THE BLOG
01/16/2015 03:40 pm ET Updated Dec 06, 2017

Too Quick to Dismiss Criticism of Haiti's Caracol Industrial Park

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Marie Marthe Rocksaint is one of more than 1,000 farmers forced off their land when construction of the Caracol Industrial Park started

Co-authored by Kysseline Jean-Mary Chérestal, Senior Policy Analyst, ActionAid USA

In a recent piece on The World Post blog, Henri-Claude Müller-Poitevien from Haiti's tripartite HOPE Commission, was quick to dismiss criticism of the U.S-backed Caracol Industrial Park. While we agree that progress has been made rebuilding Haiti after the devastating earthquake of Jan. 12, 2010, the industrial park - part-funded by US emergency relief funding - represents a clear violation of the land rights of Haitian farmers.

More than 1,000 farmers were forced off their land
with only a few days' notice to make way for the park, and the crops they were growing on some of Haiti's most fertile land were dug up and replaced with concrete. At least a quarter of U.S. emergency relief money was spent on the Caracol Industrial Park, in an area far outside the earthquake disaster zone. But the farmers were not consulted before losing their land and livelihoods, and received wholly inadequate compensation, months after they had been forced to leave.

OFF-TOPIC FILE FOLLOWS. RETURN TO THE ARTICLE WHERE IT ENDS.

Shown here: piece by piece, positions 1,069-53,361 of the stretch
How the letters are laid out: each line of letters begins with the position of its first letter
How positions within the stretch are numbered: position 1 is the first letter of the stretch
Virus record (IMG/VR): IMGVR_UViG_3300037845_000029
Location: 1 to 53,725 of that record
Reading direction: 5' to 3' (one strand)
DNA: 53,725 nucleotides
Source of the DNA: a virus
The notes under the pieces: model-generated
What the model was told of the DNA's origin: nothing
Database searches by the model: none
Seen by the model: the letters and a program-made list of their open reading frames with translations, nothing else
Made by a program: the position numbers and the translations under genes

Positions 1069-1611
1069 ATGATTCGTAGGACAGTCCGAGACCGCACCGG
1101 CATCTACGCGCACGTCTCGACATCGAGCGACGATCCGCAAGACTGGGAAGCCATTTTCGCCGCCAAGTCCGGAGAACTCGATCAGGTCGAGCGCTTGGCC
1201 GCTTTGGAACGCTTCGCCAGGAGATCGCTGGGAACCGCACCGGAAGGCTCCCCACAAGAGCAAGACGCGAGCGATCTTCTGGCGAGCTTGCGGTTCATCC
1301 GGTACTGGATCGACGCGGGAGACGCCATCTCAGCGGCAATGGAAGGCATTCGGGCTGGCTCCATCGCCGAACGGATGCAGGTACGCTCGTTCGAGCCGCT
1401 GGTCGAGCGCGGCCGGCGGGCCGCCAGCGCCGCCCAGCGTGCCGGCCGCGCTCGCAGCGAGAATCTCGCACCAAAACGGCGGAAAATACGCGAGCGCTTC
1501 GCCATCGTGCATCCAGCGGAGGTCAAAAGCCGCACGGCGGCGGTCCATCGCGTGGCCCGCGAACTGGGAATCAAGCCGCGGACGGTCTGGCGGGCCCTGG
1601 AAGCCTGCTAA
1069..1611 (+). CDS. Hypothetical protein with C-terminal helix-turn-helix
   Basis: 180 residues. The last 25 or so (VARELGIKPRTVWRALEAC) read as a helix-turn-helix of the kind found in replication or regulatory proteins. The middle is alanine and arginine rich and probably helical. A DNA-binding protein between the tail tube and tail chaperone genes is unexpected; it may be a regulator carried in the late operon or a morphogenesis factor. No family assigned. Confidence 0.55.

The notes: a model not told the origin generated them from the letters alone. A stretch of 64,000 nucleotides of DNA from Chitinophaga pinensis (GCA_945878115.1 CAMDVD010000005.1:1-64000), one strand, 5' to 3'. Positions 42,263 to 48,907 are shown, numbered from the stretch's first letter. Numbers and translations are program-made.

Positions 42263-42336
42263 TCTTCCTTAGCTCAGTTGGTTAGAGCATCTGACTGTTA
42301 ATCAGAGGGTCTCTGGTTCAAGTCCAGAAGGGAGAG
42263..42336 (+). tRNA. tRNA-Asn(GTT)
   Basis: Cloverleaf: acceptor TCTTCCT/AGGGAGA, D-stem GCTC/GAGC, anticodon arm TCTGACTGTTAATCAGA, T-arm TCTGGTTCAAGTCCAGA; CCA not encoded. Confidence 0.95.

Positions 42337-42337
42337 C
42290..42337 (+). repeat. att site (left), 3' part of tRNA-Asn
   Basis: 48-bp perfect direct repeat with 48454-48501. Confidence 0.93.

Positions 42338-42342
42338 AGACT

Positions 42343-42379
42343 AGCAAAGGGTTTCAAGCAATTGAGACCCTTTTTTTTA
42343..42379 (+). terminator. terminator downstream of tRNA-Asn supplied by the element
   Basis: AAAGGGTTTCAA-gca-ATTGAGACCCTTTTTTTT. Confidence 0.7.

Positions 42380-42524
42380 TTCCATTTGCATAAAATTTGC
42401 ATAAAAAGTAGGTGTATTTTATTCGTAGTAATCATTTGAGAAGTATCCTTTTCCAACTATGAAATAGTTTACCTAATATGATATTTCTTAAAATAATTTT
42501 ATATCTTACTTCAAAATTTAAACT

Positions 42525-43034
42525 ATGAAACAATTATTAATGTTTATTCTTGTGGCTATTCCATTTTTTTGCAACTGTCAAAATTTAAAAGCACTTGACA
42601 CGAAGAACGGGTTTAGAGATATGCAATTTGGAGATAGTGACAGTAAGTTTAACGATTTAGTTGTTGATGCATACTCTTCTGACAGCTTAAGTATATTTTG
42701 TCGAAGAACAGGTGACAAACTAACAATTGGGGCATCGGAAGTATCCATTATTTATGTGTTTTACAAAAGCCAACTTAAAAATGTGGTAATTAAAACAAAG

With some of the companies occupying the warehouses at the Caracol site being granted large tax breaks by the Haitian government, the actual benefit of the park to Haitian communities is vastly over-stated. Although approximately 5,000 new jobs have been created, the figure is far short of the 65,000 projected by the U.S. State Department - jobs that were supposed to be provided at the park itself, not in areas indirectly linked to the park, as Mr. Müller-Poitevien writes.

The local communities that ActionAid works with say that the location of the park has led to a big rise in the cost of food and housing. With jobs at the park paying around U.S. $5 a day, the wages on offer are poverty wages - far below what is needed to feed a family and meet their other basic needs.

The farmers that used the land were able to produce food for their families, as well as to earn an income, despite decades of under-investment in agriculture by their government. In fact, evidence from around the world shows that agricultural production growth has a greater impact on poverty reduction than any other sector.

With Haiti on the brink of another food crisis, the decision to spend a quarter of USAID emergency funds building the Caracol Industrial Park looks even more absurd.

As the biggest donor to Haiti, the U.S. Government must make its aid more accountable and transparent. USAID funded projects must not force farmers off their land and adequate compensation for the farmers of Caracol must be agreed.